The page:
This Commons Library briefing provides background information on the introduction of a new contract for doctors in training (junior doctors) in England, including a summary of the proposed changes, and background on negotiations between NHS Employers and the BMA.Jump to full report >>
Following three years of on-and-off negotiations about the introduction of a new contract for junior doctors an agreement was reached between the BMA, NHS Employers and the Secretary of State for Health on 18 May 2016. The agreement was subject to a BMA referendum of junior doctor members. On 5 July 2016 it was announced that junior doctors had rejected the contract offer, with 58 per cent of junior doctors voting against, while 42 per cent voted to accept. The turnout was 68 per cent.
On 31 August 2016 the BMA Junior Doctors Committee announced further industrial action and the following day confirmed there would be 5-day strikes, including the withdrawal of emergency cover, in September, October, November and December 2016 (and due to occur between 8am and 5pm on each day of industrial action). On 5 September the BMA suspended the strike planned for 12-16 September after NHS leaders raised concerns about the ability of NHS to make contingency plans in time. On 24 September the BMA suspended strike action on the remaining dates:
While the BMA Junior Doctors Committee said it would not go ahead with the industrial action, it confirmed its continuing opposition to the implementation of the contract and said it is “planning other actions over the coming weeks”.
The Secretary of State has made statements to Parliament on the junior doctor contract, on 6 July 2016, following the BMA ballot rejecting the contract, and on 5 September 2016, following the BMA announcement of plans for industrial action. In both statements he confirmed the Government’s intention to implement the contract agreed in May in a phased process between October 2016 and October 2017 [see HC Deb 6 July 2016 and HC Deb 5 September 2016]
The 18 May 2016 agreement came at the end of 10 days of negotiations at ACAS, brokered by the Academy of Medical Royal Colleges. If followed a protracted dispute over the terms of the contract, which has seen junior doctors taking industrial action on five occasions, earlier in 2016.
Under the agreement the increase in basic pay is reduced and weekend allowances adjusted to increase in-line with the number of weekends worked. Those working one in eight weekends or fewer would get nothing for working Saturday or Sunday. That compares to Saturday evening work and all-day Sunday attracting a premium payment under the terms which were to have been imposed.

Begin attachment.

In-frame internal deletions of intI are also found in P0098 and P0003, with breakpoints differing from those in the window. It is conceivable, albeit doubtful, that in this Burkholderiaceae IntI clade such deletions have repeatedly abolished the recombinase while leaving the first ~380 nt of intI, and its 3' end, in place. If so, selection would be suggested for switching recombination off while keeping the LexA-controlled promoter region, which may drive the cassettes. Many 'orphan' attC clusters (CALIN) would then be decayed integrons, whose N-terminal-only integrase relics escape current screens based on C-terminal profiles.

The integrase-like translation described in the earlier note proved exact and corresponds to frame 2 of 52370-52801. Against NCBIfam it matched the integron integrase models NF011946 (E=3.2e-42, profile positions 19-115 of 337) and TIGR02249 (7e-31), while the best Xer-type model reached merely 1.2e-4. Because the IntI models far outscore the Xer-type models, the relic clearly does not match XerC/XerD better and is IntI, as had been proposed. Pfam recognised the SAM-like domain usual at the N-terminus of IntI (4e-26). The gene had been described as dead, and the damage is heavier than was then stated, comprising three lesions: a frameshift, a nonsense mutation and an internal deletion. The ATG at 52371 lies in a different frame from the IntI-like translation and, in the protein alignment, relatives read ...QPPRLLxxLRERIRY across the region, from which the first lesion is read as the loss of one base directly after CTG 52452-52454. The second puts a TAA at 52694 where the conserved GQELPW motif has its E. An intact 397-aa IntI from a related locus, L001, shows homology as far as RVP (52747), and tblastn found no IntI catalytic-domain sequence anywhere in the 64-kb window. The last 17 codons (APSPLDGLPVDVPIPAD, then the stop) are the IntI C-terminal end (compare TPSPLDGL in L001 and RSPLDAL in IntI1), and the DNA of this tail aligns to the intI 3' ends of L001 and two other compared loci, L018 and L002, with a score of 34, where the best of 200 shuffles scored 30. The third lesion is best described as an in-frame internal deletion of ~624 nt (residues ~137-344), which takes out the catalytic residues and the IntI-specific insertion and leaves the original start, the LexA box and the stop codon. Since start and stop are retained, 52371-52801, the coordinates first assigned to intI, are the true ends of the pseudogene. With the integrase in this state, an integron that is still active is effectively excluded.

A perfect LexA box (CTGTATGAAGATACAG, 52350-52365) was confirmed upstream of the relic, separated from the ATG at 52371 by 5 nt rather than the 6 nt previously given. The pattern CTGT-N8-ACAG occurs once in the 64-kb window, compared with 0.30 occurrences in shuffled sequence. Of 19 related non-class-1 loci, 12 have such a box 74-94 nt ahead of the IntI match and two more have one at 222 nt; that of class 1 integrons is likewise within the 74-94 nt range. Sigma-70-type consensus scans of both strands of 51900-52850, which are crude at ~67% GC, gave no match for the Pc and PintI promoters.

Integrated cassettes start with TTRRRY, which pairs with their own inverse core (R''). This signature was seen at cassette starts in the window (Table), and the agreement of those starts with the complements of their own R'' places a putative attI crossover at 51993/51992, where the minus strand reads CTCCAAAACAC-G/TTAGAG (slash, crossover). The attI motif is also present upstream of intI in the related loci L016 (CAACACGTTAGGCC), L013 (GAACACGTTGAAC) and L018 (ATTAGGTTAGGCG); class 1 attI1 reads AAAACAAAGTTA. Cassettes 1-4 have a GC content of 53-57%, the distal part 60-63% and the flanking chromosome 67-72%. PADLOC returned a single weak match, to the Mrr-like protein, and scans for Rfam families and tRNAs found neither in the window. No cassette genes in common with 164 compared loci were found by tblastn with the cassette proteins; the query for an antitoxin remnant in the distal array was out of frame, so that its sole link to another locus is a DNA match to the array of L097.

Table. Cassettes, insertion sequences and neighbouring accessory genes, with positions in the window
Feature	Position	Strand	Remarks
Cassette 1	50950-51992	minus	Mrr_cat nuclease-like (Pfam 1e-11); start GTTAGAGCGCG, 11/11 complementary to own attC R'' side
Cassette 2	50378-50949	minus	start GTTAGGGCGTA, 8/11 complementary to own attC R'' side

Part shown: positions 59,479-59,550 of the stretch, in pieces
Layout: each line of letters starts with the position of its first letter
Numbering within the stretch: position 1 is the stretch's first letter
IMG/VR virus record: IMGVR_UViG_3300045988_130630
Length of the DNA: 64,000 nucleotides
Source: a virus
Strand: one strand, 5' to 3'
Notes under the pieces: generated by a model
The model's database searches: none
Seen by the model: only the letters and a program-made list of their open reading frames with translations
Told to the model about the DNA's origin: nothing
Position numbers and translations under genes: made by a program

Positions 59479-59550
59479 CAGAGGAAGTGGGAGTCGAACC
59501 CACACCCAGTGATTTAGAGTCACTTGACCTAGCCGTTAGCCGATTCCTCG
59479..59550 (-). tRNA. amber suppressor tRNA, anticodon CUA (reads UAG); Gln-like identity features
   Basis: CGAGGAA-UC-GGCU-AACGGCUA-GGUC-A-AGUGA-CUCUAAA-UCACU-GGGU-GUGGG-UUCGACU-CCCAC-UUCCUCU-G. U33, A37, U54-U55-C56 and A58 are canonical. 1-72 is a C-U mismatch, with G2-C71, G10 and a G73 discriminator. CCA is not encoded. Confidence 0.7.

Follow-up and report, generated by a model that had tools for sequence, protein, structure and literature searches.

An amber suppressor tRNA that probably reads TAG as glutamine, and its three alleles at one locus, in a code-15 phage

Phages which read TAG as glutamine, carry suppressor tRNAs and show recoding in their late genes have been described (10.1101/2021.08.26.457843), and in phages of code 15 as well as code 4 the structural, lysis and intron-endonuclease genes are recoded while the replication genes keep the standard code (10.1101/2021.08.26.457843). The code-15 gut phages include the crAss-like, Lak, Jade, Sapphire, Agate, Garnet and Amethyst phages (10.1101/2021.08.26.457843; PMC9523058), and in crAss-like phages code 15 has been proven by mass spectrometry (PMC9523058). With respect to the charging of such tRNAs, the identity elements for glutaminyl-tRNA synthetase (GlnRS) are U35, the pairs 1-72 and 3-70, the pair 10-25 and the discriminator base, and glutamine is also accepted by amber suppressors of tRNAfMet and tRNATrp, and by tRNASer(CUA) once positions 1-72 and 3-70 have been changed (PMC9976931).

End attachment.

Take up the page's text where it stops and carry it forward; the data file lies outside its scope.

There were also additional commitments to protect doctors with caring responsibilities, to ensuring safe working for doctors, to protect whistle blowers, to “appropriately compensate” overtime, and to introduced new “Flexible Pay Premium” to support recruitment.
Further detail can be found in the Junior Doctors Contract Terms and Conditions document, updated on 6 July 2016, but key points include:
The parties also agreed to number of issues outside of the contract including:
The negotiations, planned industrial action, and implementation of the new contract only relate to junior doctors in England. The Scottish Government has repeated assurances to the BMA made in August 2015 that it will not be seeking to impose any new arrangements on trainees in Scotland. In September 2015, Welsh Government officials issued a statement to BMA Cymru Wales indicating that they will retain the current junior doctor contract in Wales. The Northern Ireland health minister, Simon Hamilton, has said he would like to develop a negotiated solution for Northern Ireland.
This briefing sets out some background to the contract negotiations and some of the key measures in the contract agreement announced in May 2016, and in previous contract proposals in February 2016. Further information on junior doctor contract negotiations can be found on the Department of Health, NHS Employers and BMA websites. The further reading section of this briefing also provides links to coverage of the most recent developments. See the further reading section of this briefing for coverage of the most recent developments.
Commons Briefing papers CBP-7314
Author: Tom Powell